9. Jale and ulfire scales
10. Phosphorescent

Mutation:
1. Symbiotic fungus grows between scales (when hit, releases toxic spore cloud)
2. Telepathic and highly intelligent
3. Extra head grafted on by Space Aliens
4. Flesh constantly regenerating, unless exposed to fire
5. Glowing stone in forehead can fold space, allowing short-range teleportation
6. Floats using inflatable helium sacs
7. Very long body, eight pairs of legs
8. Can be controlled via cockpit implanted in top of skull
9. Radioactive breath
10. Can transform into ooze at will
11. Hypnotic pattern on skin
12. Urine transforms other creatures into dinosaurs

Rampage

Jaime Jones

Thursday, 14 November 2019

Carcosa: Hijacking Space Alien Spaceships



X-Com


When you are stranded on the savage planet Carcosa and you fight some Space Aliens and steal their spaceship, what can you do with it?

NORMAL OPERATION

There are four stations inside the spaceship, each of which requires one character to operate.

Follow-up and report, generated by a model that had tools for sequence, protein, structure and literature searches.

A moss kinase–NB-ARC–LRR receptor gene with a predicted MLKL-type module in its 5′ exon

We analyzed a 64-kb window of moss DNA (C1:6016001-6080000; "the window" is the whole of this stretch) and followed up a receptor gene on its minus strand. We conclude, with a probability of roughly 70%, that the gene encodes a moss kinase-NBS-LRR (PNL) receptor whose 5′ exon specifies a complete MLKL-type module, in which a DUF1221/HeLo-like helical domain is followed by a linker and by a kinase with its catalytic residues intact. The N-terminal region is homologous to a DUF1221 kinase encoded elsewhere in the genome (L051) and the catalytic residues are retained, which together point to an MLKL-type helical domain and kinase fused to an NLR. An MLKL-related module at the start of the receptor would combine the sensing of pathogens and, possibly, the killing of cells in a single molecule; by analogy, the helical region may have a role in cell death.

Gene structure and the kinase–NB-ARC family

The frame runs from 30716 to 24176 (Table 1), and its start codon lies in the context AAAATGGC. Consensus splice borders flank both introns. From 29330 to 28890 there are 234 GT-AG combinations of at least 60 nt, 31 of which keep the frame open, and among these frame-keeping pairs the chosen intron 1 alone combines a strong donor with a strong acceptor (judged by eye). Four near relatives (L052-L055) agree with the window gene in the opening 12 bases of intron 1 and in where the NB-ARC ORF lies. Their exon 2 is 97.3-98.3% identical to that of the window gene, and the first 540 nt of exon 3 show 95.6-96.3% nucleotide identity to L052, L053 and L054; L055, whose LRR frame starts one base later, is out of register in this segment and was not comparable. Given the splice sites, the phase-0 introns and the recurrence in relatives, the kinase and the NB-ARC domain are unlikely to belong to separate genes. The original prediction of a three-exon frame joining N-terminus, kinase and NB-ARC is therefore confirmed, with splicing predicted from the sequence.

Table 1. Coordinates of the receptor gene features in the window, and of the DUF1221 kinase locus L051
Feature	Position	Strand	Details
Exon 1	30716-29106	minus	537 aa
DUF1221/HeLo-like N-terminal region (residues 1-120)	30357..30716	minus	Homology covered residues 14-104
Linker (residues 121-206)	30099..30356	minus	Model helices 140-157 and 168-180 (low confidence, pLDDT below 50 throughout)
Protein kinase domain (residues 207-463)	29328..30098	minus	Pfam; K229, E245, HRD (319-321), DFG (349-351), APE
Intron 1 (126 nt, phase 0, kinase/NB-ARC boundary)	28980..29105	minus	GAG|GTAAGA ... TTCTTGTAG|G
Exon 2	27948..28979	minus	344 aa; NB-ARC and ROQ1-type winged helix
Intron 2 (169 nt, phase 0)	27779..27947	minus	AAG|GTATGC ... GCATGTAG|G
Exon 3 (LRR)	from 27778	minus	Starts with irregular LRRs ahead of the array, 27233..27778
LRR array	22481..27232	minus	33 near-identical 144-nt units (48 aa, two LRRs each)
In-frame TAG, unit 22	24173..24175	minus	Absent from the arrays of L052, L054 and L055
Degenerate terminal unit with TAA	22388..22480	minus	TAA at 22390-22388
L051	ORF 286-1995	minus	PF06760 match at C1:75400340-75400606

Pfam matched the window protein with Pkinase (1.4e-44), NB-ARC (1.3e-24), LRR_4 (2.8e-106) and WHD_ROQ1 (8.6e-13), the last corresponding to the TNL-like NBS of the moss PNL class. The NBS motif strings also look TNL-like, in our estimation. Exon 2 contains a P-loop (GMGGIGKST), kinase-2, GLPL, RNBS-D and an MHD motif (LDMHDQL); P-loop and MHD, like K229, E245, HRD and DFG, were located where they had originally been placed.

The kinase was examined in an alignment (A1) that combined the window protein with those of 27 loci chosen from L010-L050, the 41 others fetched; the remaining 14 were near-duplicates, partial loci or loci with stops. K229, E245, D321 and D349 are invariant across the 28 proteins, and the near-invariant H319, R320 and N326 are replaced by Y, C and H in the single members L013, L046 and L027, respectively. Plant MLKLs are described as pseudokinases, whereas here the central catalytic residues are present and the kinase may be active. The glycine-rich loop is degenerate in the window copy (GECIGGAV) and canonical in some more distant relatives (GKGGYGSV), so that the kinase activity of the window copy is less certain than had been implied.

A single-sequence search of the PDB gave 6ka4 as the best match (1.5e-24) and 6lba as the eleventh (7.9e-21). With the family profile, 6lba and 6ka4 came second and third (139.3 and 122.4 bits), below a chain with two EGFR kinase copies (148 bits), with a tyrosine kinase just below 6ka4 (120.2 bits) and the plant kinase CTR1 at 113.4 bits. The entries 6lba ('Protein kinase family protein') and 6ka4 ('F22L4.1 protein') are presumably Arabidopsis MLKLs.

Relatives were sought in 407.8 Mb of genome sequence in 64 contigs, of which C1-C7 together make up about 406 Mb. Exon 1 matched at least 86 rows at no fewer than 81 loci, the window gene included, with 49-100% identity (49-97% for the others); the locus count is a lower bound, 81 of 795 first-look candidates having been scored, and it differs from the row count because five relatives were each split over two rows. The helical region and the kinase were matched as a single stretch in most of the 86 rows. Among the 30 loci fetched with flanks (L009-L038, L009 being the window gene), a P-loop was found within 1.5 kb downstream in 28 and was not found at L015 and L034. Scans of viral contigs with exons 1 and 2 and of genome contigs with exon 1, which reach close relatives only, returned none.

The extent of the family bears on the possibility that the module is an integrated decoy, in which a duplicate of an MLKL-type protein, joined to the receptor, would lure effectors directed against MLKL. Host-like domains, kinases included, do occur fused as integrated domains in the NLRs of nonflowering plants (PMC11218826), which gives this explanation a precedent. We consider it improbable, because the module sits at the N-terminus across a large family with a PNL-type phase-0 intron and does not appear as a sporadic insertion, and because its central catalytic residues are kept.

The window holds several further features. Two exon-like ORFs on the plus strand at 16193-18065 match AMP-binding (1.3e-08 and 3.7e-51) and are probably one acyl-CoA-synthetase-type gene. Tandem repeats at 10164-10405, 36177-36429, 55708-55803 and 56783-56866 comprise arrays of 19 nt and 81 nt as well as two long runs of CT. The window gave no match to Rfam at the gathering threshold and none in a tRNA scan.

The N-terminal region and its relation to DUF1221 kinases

Navigation: Control the ship's flight. Make a test to take off, land safely, or perform evasive maneuvers.
Laser Cannon: Fire the laser cannon for d20 damage. Make a test each time you fire.
Tractor Beam: suck up anything smaller than a T-rex and trap it in the cargo bay. Make a test for each object you want to suck up.
Mutagenic Bombs: Drop bombs that cause random mutations (the Space Aliens just use these to entertain themselves). Make a test to hit a specific target.

You can operate each station manually, or you can plug in your mind using the psionic helms provided (some minor cranial penetration may be involved).

If operating manually, 'make a test' means roll under DEX to succeed. If operating psionically, you always succeed at tests, but take 1d6 WIL damage each time you do so.

Expedition to the Barrier Peaks


WARPING

For travel between star systems you must engage the WARP DRIVE. Using the WARP DRIVE is complex and prone to failure. If using it with plenty of time, roll 4d6, or if using it in a hurry roll 4d4. You can gain additional dice by getting more information about the WARP DRIVE, for example by interrogating Space Aliens.

Each die that shows 1-3 is a failure, 4+ is a success. For each failure, choose one:
- Other Space Aliens become aware of your hijacking and come to punish you
- The spaceship is damaged and can't warp again until it's repaired
- You don't get to choose your destination, it is rolled randomly
- You left the window open! Everyone loses 1d6 WIL permanently as they witness the indescribable horrors of warp space